Judge in Stanford sexual assault case now target of recall effort
Persky has come under extreme scrutiny for his lenient sentencing of Brock Turner, who was convicted in March of three felony charges for the January 2015 sexual assault of an unconscious 23-year-old woman on Stanford's campus. Turner admitted to sexual contact with the woman, but said she had given consent. Both were heavily intoxicated, and the woman testified in court that she has no memory of the assault.Turner was spotted by two male graduate students “thrusting his hips atop an unconscious woman lying on the ground." The two men confronted Turner, who then fled. They chased him and held him down until police arrived.
A jury found Turner guilty of assault with intent to commit rape of an intoxicated person, sexually penetrating an intoxicated person with a foreign object, and sexually penetrating an unconscious person with a foreign object.
While prosecutors recommended six years in state prison for Turner, Persky, a Stanford alumnus, said that six months in county jail with three years probation was a better fit.
“A prison sentence would have a severe impact on him,” Persky said Thursday. “I think he will not be a danger to others.”
When considering the sentence, Persky said he took into account Turner's lack of "significant" prior offenses, the media coverage surrounding the case, positive letters from Turner's loved ones attesting to his character, and that “there is less moral culpability attached to the defendant, who is... intoxicated."
“The media attention that has been given to this case has in a way sort of poisoned the lives of the people that have been affected. … The question I’ve asked myself is … ‘Is state prison for this defendant an antidote to that poison?’” Persky said.
Turner could have received up to 14 years in prison. Stanford University Law Professor Michele Dauber, who has spearheaded an effort to recall Persky, said in a letter to the court that Turner should have faced a minimum of two to three years in prison based on California law.
“He has made women at Stanford and across California less safe,” Dauber told The Guardian. “The judge bent over backwards in order to make an exception … and the message to women and students is ‘you’re on your own,’ and the message to potential perpetrators is, ‘I’ve got your back.’”
Dauber said Persky faltered when considering Turner's age, academic achievements and intoxication during sentencing.
“If you’re going to declare that a high-achieving perpetrator is an unusual case, then you’re saying to women on college campuses that they don’t deserve the full protection of the law in the state of California,” Dauber said, according to the New York Times.
A petition calling for the recall of Persky, an elected judge currently running unopposed, has garnered more than 350,000 signatures.
Dauber wrote to Persky that Stanford surveys found that 43 percent of female undergrads have been the target of sexual assault or misconduct, while not even 3 percent of those who experienced sexual assault or nonconsensual sexual contact ended up reporting it to the school.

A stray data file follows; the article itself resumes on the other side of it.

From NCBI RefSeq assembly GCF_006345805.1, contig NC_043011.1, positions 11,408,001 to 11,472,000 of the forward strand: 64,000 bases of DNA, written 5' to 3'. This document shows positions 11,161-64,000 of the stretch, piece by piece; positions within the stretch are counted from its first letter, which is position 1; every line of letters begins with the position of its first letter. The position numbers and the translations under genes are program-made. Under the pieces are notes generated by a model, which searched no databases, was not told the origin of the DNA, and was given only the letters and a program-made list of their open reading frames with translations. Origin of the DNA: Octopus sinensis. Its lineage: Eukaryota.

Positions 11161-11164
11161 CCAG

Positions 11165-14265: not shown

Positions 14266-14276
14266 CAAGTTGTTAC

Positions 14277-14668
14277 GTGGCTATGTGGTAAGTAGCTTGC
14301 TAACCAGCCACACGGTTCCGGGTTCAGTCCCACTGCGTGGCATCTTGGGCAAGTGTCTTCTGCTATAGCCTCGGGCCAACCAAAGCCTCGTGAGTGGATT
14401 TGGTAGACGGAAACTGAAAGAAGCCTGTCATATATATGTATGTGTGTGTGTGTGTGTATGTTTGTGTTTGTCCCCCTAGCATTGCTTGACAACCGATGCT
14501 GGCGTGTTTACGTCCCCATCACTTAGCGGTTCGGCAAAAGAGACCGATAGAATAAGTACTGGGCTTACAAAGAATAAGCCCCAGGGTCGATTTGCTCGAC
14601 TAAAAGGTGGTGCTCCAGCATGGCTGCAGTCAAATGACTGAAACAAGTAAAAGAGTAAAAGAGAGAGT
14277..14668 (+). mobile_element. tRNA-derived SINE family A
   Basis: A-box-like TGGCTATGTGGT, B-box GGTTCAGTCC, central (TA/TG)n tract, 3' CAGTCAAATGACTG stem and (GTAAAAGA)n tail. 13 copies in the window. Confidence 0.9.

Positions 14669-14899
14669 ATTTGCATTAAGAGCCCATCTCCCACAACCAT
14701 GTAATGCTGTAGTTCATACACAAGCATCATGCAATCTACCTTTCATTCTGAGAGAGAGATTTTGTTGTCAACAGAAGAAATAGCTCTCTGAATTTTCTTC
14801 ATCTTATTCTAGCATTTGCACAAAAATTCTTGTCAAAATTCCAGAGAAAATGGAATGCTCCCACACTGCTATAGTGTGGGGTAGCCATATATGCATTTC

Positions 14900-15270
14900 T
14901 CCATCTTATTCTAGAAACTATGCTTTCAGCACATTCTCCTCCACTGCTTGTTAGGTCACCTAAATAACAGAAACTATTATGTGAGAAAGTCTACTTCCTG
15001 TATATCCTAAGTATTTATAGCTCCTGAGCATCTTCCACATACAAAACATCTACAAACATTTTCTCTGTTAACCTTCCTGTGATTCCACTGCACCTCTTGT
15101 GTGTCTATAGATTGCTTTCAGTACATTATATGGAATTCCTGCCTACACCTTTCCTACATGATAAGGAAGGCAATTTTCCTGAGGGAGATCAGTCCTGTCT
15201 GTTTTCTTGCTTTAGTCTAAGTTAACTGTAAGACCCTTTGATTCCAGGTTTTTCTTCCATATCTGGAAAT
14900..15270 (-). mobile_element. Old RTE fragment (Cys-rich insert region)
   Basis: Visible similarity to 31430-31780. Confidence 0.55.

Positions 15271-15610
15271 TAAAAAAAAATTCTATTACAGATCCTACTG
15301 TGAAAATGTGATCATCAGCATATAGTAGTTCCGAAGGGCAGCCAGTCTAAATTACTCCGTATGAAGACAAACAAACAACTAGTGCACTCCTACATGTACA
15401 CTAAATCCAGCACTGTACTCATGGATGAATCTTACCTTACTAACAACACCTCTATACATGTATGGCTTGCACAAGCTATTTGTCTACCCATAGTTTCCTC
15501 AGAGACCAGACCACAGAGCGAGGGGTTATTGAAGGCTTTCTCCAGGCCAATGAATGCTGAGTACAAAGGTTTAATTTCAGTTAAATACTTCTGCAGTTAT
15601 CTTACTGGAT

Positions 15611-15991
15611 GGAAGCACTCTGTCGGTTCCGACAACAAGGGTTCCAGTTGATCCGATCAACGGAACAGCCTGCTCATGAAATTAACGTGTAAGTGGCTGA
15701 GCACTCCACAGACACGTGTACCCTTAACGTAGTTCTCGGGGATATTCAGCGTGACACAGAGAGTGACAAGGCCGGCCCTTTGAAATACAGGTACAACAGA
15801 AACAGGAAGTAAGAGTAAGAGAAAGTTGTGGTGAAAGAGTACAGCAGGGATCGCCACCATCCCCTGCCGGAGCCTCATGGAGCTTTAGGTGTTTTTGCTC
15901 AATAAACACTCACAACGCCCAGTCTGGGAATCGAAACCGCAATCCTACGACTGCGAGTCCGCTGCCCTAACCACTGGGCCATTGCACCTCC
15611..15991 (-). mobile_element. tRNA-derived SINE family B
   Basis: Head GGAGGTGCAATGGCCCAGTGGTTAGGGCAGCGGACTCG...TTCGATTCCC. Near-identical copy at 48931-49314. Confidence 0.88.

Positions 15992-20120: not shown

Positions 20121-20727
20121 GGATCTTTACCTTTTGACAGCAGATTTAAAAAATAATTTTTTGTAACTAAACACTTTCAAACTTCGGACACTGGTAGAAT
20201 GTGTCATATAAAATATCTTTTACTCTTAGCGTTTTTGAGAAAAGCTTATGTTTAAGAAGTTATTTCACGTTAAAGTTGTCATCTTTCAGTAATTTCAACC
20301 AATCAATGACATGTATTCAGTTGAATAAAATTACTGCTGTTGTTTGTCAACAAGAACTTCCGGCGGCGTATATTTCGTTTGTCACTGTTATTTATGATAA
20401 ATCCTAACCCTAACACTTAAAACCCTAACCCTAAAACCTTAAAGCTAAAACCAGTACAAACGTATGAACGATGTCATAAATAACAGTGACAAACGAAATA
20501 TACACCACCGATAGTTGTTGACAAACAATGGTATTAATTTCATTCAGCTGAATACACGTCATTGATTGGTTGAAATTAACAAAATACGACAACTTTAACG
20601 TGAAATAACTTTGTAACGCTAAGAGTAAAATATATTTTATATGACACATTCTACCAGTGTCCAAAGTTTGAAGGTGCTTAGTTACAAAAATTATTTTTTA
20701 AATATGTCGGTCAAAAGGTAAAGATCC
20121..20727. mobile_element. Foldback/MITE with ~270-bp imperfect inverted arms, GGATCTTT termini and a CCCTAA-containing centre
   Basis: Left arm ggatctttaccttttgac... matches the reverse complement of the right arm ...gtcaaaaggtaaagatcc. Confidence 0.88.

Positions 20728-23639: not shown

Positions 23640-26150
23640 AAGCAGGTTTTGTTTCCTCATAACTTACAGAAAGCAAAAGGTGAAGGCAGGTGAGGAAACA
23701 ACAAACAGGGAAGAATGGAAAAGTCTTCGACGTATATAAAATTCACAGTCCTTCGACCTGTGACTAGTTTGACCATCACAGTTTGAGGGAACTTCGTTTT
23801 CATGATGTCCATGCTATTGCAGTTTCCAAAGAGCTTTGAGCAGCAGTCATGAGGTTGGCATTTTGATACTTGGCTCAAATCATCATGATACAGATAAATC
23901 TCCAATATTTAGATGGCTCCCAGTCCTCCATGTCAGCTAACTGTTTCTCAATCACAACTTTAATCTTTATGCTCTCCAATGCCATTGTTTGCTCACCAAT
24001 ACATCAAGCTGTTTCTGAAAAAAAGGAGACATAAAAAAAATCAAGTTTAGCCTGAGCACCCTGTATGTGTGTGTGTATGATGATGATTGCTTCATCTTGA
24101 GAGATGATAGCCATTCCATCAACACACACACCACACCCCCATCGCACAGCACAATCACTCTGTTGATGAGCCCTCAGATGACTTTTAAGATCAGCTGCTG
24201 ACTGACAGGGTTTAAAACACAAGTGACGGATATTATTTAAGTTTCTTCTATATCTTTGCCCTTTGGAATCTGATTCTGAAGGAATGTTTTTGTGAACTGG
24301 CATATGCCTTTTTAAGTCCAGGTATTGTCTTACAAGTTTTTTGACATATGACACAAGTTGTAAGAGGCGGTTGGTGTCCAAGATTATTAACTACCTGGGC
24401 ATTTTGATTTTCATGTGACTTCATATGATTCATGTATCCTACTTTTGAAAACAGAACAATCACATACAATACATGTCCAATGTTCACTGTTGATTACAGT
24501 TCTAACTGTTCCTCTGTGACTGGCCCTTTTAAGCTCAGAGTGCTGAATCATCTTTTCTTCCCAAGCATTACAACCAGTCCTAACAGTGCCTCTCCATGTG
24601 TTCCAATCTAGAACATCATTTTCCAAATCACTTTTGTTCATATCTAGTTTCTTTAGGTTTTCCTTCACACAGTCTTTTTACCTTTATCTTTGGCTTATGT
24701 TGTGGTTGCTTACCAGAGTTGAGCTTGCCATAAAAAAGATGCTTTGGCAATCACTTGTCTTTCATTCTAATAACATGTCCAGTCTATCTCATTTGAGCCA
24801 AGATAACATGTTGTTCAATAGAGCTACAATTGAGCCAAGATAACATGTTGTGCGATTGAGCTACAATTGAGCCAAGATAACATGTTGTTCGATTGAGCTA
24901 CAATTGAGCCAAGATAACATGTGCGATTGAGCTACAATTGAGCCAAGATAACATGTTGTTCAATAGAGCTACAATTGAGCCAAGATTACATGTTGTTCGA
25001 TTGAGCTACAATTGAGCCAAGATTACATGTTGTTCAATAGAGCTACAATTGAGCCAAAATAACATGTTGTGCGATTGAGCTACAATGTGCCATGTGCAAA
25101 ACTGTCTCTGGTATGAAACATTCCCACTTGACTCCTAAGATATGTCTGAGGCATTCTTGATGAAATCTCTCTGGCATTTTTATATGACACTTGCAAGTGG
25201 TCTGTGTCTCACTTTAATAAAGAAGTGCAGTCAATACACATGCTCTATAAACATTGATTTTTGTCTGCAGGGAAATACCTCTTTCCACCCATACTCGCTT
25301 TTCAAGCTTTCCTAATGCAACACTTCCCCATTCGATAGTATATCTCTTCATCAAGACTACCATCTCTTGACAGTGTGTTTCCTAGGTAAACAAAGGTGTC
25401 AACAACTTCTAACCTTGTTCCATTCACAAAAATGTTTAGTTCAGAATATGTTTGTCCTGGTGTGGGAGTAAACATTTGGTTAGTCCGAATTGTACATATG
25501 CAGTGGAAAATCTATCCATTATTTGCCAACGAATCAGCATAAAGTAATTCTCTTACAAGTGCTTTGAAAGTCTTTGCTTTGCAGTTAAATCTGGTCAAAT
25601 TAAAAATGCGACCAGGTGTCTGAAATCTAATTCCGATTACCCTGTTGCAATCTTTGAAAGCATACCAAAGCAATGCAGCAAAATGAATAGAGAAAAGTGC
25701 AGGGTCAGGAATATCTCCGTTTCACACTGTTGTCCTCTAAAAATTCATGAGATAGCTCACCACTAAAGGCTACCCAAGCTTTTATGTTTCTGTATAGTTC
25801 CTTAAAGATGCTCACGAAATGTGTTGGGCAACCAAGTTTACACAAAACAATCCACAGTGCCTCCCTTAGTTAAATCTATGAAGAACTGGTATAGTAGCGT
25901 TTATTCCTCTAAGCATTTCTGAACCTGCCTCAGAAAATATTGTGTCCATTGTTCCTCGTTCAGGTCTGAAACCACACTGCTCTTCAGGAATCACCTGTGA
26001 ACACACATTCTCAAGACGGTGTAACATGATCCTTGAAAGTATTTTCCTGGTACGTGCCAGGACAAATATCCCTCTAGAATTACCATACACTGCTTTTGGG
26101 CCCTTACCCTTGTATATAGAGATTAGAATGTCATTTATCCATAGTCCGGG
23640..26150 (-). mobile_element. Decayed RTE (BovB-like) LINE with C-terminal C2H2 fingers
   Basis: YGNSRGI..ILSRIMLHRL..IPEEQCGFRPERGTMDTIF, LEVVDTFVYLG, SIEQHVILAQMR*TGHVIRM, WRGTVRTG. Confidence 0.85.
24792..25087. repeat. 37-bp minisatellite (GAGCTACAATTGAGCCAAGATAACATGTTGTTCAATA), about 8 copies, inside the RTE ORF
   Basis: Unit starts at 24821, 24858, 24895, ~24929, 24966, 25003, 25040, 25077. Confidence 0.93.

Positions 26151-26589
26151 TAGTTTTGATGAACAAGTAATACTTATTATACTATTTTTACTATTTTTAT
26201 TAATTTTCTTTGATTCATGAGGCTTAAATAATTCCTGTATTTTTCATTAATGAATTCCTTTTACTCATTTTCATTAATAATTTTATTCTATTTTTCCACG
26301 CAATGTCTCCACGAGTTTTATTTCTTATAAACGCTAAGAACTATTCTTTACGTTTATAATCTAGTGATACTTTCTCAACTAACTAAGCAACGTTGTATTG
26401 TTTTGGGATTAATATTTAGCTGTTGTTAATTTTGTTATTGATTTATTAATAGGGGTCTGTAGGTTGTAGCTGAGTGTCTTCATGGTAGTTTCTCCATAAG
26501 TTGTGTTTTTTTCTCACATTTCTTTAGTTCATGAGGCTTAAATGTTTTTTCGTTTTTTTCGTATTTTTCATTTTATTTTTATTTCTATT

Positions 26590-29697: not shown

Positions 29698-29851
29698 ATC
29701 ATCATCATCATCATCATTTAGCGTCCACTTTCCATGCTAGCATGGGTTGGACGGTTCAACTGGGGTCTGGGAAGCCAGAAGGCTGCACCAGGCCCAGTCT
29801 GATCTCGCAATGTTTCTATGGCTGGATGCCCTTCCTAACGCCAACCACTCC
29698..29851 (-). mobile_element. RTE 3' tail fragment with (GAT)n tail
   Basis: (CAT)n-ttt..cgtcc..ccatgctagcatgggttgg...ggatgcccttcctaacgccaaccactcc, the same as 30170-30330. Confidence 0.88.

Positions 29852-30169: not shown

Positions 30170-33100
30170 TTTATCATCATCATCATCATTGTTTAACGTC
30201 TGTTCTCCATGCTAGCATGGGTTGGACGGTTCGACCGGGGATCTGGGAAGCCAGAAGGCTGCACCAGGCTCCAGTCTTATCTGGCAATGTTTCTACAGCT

In addition to the light sentence, comments about the case made by Turner's father have ignited outrage. In a letter to the court prior to sentencing ‒ released to the public on Sunday by Dauber ‒ Dan Turner sought a lenient punishment, saying the attention to the case, the sexual assault conviction and having to register as a sex offender had caused his son to be depressed, anxious and lose his appetite. It was all “a steep price to pay for 20 minutes of action out of his 20 plus years of life," Dan Turner wrote.
After a firestorm of criticism aimed at his "20 minutes of action" characterization of sexual assault caused Dan Turner to respond on Monday.
“My words have been misinterpreted by people,” he said in a statement to The Huffington Post. “What I meant with that comment is a 20 minute period of time. I was not referring to sexual activity by the word ‘action.’ It was an unfortunate choice of words and I did not mean to be disrespectful or offensive to anyone.”
Santa Clara District Attorney Jeff Rosen said in a statement that he was disturbed by Turner's sentence, adding that the "punishment does not fit the crime." Turner, a "predatory offender," Rosen said, has refused to take responsibility or show remorse for his crimes.
“Campus rape is no different than off-campus rape,” Rosen said. “Rape is rape.”
The victim of the assault was found partially-clothed and unconscious near a dumpster by a campus public safety officer. In a 7,244-word statement read to the court prior to sentencing, she decried privilege in the case and detailed how the assault and trial have deeply affected her life.
The statement was published Friday by Buzzfeed and has been shared widely on social media. The victim told The Guardian that she will maintain her anonymity in hopes that it will help other women who have experienced sexual assault.
“I remain anonymous, yes to protect my identity. But it is also as a statement, that all of these people are fighting for someone they don’t know. That’s the beauty of it. I don’t need labels, categories, to prove I am worthy of respect, to prove that I should be listened to. I am coming out to you as simply a woman wanting to be heard. Yes there is plenty more I’d like to tell you about me. For now, I am everywoman.”
A spokesman for the Santa Clara Superior Court said Persky is unable to comment on a case while an appeal is pending, according to reports. Turner's attorneys have said they plan to appeal his conviction. He is expected to serve only three months in jail.